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CCG lifted out of ‘legal directions’ by NHS England

The leaders of Brighton and Hove Clinical Commissioning Group (CCG) are focussing on transforming and improving health services for local people now the organisation has been lifted out of ‘legal directions’.

NHS England has formally confirmed that the legal directions placed on the organisation last August have been lifted. The CCG was rated as inadequate last year and then placed in legal directions after it was deemed to be “failing to discharge its functions”. Being given legal directions meant the CCG had less control over the decisions it made to commission local services for patients.

As part of having legal directions lifted, the CCG had to achieve five areas – improving the leadership of the organisation; developing a capacity and capability action plan; undertaking a review of the governance of the organisation; developing a credible commissioning plan; and developing a plan to improve waiting times for treatment and A&E.

The announcement to lift legal directions comes a month after the CCG was rated as ‘good’ by NHS England.

Accountable Officer Adam Doyle, who joined the CCG in October at the same time as Clinical Chair Dr David Supple, said: “To get out of legal directions has not been easy and we have had to change a lot of things within the organisation very quickly. This has been tough but our staff have risen to the challenge and I would like to thank them all for their continued hard work and for the support of our partners across the local health system.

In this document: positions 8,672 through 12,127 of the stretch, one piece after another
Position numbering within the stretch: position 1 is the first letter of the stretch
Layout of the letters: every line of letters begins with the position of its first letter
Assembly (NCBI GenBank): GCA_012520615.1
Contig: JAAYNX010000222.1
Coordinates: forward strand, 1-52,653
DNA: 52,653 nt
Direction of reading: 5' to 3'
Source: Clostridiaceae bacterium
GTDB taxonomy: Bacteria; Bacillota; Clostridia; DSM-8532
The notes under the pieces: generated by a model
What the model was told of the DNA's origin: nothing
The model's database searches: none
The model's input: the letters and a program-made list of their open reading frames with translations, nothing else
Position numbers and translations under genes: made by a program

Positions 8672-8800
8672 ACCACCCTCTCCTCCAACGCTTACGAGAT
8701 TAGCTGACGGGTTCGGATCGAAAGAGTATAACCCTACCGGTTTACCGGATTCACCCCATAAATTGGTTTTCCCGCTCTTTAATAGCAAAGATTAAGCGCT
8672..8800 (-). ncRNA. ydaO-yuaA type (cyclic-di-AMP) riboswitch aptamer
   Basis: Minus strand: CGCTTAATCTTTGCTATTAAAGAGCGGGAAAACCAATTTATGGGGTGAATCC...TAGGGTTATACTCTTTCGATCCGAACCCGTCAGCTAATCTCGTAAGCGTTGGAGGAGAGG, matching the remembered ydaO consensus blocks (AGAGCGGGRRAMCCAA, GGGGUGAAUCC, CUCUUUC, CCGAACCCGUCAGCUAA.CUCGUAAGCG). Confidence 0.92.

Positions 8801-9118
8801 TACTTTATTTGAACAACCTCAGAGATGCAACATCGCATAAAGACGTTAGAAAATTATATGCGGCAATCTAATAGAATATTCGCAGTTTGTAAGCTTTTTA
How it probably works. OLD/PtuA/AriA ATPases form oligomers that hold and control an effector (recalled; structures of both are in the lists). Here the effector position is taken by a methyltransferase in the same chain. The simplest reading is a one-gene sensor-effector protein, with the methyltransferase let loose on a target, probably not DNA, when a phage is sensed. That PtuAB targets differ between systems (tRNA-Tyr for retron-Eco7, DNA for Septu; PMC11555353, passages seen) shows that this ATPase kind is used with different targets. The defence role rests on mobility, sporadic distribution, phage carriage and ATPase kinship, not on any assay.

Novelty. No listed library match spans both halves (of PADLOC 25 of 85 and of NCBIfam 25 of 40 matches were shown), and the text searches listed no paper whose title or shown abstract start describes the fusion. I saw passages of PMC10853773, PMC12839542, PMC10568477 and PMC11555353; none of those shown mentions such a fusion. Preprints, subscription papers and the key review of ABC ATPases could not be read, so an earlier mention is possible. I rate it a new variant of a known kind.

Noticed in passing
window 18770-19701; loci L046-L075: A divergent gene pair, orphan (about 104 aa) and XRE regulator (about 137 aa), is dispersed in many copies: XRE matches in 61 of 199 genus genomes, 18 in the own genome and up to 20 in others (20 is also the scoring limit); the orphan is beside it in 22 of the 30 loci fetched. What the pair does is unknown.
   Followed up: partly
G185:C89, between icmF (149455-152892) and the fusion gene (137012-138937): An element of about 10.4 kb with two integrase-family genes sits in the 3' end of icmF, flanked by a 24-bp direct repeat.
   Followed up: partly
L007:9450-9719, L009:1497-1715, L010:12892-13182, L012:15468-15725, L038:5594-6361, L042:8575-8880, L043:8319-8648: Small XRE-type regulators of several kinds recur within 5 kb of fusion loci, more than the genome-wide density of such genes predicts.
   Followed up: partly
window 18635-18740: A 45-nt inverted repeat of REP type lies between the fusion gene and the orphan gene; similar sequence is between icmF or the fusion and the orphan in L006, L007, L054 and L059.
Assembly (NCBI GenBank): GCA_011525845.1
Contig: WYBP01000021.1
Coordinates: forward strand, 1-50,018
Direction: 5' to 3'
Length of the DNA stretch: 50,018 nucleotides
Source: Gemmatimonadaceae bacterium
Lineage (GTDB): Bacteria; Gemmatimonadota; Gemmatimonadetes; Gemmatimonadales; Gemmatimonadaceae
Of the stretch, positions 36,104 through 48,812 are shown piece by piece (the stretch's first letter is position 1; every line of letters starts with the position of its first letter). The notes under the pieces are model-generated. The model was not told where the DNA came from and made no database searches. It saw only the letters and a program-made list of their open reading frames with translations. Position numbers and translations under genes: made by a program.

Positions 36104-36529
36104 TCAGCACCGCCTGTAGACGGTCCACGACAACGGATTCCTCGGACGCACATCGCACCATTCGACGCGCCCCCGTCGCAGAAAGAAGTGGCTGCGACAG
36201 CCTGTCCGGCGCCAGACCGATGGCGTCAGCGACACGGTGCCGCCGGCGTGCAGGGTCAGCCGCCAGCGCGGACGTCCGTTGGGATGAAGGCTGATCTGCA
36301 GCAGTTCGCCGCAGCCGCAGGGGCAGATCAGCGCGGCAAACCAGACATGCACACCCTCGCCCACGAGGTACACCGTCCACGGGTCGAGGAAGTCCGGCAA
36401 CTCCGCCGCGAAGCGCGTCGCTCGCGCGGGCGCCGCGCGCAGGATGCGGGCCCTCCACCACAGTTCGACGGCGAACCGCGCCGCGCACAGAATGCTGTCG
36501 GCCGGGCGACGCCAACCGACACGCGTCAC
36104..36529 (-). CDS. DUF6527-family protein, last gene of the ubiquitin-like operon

“Alongside the changes we have been making within the CCG, we have also been working hard on plans to transform and improve local services across the city for the future. We will now be putting all our energy in developing and delivering these plans, alongside the large amount of public engagement we are doing as part of our Big Health and Care Conversation, to ensure local residents continue to have access to sustainable services for years to come.”

Dr David Supple said: “This is very positive news for our organisation but it is also good news for our patients as we can now concentrate more freely on what improvements we can make to meet the needs of the local population.

“A particular focus for us will be around improving and transforming Primary Care, which involves GP and other non-hospital services. For example, we want to make GP practices across the city more resilient for the future, by looking at new ways of working and giving GPs access to greater support. We will now be working with our members and the public to develop plans on how we can best achieve this.”

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